How can I support my child to learn?

So a really sweet story I wanted to share about a night out in Toronto.

Most of the time now I don’t really go out on nights out. I either can’t afford the time and/or money, but I am usually taking an Uber to work on mixing with Devecseri. Livin it MASSIVE (if you mean this Massive).

Sometimes the Uber conversations are fun, sometimes not, sometimes none. Usually it comes out pretty quickly that I’m a musician because I’m lugging around a violin, midi keyboard, laptop, among other things. One journey recently was really sweet.

I get to talking with my driver, who has two sons, aged 6 and 2. They’re boisterous and have lots of energy, and he’s going to take them out to the bird sanctuary in Niagara for the long weekend. We start talking music because that’s where I’m going and he mentions his 6-year-old has started making his own tunes, humming and recording it into his smartwatch unprompted. Neither his parents or grandparents are musical or play any instruments, so it’s particularly interesting. I was really impressed, until he asked a question that just made me so happy:

“What can I do to support my son?”

I never really work with kids or parents in my line of work, so this question made me so happy. Amazing parent moment. He has financial constraints of course, so lessons aren’t always possible. So I suggested a few things for somebody learning music, and this could apply to any age:

  • Go into a music shop and ask if it’s possible to try different instruments and what would be good for a young beginner
  • YouTube for getting a sense of possibility, seeing different teaching methods and instruments available
  • Get a cheap instrument for a beginner. Check the internet, trading sites, second hand places. Even music schools have to get rid of stuff sometimes or know somebody who is.
  • Lots of schools have free or group classes for kids, which can be a great starting point.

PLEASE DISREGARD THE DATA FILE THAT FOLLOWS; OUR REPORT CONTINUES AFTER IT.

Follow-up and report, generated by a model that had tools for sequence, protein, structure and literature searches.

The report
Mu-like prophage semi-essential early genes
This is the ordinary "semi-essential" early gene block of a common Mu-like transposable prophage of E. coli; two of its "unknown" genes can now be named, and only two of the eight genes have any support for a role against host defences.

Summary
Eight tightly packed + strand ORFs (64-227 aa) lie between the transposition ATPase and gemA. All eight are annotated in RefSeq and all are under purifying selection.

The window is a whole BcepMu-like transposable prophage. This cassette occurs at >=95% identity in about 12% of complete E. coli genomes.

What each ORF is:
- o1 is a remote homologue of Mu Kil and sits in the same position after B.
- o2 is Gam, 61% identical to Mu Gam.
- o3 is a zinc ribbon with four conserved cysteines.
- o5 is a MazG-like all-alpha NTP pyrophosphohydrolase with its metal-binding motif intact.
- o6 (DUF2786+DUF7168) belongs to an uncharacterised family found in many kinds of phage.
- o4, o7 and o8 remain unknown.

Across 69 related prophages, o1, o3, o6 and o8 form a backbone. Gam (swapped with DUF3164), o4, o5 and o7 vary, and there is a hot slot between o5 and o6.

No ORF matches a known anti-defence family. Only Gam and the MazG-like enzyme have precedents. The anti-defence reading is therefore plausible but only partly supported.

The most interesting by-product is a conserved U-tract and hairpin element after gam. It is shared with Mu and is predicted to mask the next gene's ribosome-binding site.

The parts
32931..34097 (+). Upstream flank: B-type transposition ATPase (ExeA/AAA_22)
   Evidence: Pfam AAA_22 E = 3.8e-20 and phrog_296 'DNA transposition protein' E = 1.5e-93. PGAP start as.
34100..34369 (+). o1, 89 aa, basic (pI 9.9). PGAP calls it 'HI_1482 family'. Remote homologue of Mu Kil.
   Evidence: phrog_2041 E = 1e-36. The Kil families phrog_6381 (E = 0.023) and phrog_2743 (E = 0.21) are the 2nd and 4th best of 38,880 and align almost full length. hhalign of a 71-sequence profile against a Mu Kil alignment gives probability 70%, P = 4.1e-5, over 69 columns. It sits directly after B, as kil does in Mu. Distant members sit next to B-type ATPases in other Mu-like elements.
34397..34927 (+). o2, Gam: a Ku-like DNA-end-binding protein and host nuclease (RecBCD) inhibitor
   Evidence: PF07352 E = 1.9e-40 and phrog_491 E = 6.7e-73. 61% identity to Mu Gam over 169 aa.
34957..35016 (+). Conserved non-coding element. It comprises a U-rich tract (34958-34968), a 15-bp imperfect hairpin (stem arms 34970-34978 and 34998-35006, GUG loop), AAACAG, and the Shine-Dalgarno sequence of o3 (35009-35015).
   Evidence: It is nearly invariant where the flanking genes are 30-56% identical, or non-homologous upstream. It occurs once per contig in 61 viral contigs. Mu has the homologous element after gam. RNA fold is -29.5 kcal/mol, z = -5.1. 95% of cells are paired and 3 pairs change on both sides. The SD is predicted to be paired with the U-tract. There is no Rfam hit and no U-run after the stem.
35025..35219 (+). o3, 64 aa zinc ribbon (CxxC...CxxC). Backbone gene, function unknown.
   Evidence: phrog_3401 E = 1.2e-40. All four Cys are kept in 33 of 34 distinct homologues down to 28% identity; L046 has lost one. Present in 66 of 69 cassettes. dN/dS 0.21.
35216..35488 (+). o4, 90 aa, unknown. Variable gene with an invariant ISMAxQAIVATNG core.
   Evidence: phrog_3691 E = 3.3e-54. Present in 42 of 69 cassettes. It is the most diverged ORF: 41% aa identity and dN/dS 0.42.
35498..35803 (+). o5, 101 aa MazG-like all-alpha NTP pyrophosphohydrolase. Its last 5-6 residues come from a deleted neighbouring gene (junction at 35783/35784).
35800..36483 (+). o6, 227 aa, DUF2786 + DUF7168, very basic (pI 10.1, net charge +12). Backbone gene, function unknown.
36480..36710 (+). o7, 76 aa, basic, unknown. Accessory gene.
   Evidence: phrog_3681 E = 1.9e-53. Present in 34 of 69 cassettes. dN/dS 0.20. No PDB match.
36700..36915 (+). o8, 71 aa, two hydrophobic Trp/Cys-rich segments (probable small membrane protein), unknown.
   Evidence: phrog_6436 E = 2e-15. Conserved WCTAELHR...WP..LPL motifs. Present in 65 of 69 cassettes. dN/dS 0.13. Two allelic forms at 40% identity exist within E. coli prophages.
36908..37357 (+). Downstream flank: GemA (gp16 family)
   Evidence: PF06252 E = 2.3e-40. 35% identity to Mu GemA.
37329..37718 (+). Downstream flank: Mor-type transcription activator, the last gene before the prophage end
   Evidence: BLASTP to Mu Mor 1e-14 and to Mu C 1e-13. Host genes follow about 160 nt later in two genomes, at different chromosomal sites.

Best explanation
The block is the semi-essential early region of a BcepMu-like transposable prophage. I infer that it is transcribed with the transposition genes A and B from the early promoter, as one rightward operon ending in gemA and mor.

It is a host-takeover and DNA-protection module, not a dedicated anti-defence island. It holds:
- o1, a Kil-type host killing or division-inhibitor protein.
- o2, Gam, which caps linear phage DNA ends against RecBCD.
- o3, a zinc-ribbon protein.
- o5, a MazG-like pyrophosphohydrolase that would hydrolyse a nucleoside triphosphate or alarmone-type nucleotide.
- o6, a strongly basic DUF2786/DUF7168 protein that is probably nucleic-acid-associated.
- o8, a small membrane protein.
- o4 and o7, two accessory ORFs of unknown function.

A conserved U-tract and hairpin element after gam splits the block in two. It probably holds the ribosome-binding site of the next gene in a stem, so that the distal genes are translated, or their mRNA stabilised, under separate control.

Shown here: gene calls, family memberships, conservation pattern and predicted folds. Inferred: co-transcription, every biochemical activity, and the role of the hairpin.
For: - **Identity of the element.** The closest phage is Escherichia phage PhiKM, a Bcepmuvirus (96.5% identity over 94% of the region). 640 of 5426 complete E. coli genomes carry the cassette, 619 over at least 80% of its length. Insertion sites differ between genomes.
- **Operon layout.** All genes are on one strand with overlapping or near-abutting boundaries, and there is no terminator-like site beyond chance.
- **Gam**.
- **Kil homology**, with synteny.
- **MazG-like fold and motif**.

• Other than that,  just listen to a kid. Don’t tell them what they’re doing sounds terrible, because that SUCKS to hear. It puts a zap on your head, let me tell you.

Obviously respecting noise and neighbours is one thing, but framing it makes all the difference. Everybody is terrible at the start. Sometimes it doesn’t end there.

This is purely based on my own experience, of course. I know I needed a much more careful and nurturing approach when I started to learn composition for making music, even though I studied musicianship for years in an abstract sense. I went back to it as an adult and had much more anxiety around being perfect or not at all, no middle ground.

Support takes many forms in music. Sometimes you just need somebody to listen. Having the awareness to know when something is in a more fragile state and structuring feedback accordingly is a valuable skill. That way you can spotlight the areas that have potential and gently nudge away the dross. Of course, as any musician or artist progresses you can be a bit less gentle, same with raising a kid. I feel like this is much more important when a person is actually creating music, not just learning how to play it. I really hope this kid gets the right teachers for him, although by the sounds of things he’s already well on his way.

Ideas can be so fragile, but it’s key moments like that which can change everything.


Adventures in Ableton Live

Learning how to compose while learning the software to do it is like learning to be a bricklayer while building the road out in front of you. It’s fun, but it takes a lot longer. However, that technically is what building your own path is.

To really overstretch this metaphor, I think I’ve bulldozed a space ahead enough to track back and start building a path. Hopefully without causing harm.

That’s one reason I like having a day job in software. In a weird way, it keeps me disciplined. When you only have a very narrow window in which to work, you work. You learn a lot about best practices, most of which translate to any business model. And make no mistake, being known as a musician, much less getting paid, is a business. It’s one of the few ones where you clearly, blatantly, obviously, bleed for your work, but it’s all too easy to be anonymous, or relatively so.

There’s an benefit to keeping your head somewhere between the clouds and the ground. Bestride the narrow world, and extra so as an immigrant. I am learning Toronto while keeping Ireland with me, but they feed into each other.

So what am I learning? Ableton will do anything as long as you ask and know how to ask. There have been many, many swearing incidents where I play a new improv off the top of my head, thought I had everything set up, and – ah! balls. I had no channel selected, or I’d armed the wrong track, or I’d selected the wrong track, or I was still in session mode, or a host of other obstacles.

Any system reminds me of a jungle gym. Overwhelmingly complicated at the beginning, daunting, and you will likely fall on your ass. A lot. BUT. It’s important to fall, and fall early. If not, you’ll be more afraid of failure than anything else. I’m trying, slowly, to ease that death-grip fear. Fear is the reason behind an overwhelming majority of my mistakes, which is funny when you think about it.